Malaysia’s ringgit traded 0.2 per cent shy of its strongest level since October before today’s central bank meeting, which is forecast to lead to the nation’s first interest-rate increase in three years.
Fifteen of 21 economists surveyed by Bloomberg predict Bank Negara Malaysia will increase the benchmark policy rate by 25 basis points to 3.25 per cent, while the rest see no change. “The degree of monetary accommodation may need to be adjusted” to address financial and economic imbalances, according to a May 8 central bank statement issued after the last review.
“There is a broad overwhelming consensus now in the market that a rate hike is coming,” said Mirza Baig, BNP Paribas SA’s Singapore-based head of Asia currency and rates strategy. “The official communication has guided the market in this respect.”
The ringgit was little changed at 3.1712 per dollar as of 12:16 p.m. in Kuala Lumpur, according to data compiled by Bloomberg. It climbed to 3.1653 yesterday, the strongest level since October 31, and has gained 1.3 percent in July, trailing only Indonesia’s rupiah among 24 emerging-market currencies tracked by Bloomberg.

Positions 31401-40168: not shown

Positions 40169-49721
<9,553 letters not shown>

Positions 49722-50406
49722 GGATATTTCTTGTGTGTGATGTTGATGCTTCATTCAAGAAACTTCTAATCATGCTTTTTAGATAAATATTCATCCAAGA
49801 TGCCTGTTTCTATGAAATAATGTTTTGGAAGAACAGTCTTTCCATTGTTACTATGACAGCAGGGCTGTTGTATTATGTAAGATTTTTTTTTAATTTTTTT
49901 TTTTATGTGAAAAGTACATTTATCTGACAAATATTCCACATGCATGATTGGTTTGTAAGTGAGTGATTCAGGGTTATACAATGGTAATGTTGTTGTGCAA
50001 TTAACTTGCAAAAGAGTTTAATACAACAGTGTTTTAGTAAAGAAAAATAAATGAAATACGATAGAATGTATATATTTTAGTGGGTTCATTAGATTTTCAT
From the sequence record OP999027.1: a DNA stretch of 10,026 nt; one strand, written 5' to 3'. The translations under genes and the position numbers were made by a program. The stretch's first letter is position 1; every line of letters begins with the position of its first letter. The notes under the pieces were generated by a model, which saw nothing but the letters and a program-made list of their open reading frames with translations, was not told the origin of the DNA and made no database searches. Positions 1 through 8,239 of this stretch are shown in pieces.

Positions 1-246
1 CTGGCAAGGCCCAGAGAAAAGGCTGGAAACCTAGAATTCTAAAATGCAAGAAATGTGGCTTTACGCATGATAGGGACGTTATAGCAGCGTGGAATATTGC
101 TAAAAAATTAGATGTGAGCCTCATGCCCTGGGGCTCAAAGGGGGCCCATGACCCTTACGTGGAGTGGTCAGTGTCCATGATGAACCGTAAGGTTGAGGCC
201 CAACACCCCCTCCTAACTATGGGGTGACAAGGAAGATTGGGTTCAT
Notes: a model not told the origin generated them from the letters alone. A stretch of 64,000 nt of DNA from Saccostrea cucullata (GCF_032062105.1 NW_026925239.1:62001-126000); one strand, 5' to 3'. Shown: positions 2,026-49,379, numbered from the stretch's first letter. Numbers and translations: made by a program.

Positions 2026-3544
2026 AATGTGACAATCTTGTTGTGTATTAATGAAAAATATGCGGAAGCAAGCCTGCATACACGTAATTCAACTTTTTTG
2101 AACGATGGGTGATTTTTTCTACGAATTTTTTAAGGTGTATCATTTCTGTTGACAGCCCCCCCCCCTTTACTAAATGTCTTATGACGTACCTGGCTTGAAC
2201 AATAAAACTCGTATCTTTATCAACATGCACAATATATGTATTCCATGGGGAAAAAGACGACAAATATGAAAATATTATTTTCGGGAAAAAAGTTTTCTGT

One-month implied volatility, a measure of expected moves in the exchange rate used to price options, dropped two basis points, or 0.02 percentage point, to 5.04 per cent.
One-year interest-rate swaps were at 3.68 percent, the highest level since September 2008.
BNP expects Bank Negara to keep interest rates unchanged at today’s meeting, said Baig. The decision is due after the markets close at 6pm local time.
“I’m a bit surprised by the strength of the ringgit,” he said. “Our sense is that a rate hike is not necessarily going to slow down household leverage growth and macro-prudential measures would probably be the more appropriate tool.”
Malaysia’s factory output increased six per cent in May from a year earlier, exceeding the median estimate of economists for a 4.2 per cent gain and a revised 4.9 per cent advance the previous month, a government report showed today.
The yield on Malaysia’s 3.394 per cent sovereign bonds due March 2017 dropped three basis points to 3.52 per cent, data compiled by Bloomberg show. The five-year yield held at 3.70 per cent.-- Bloomberg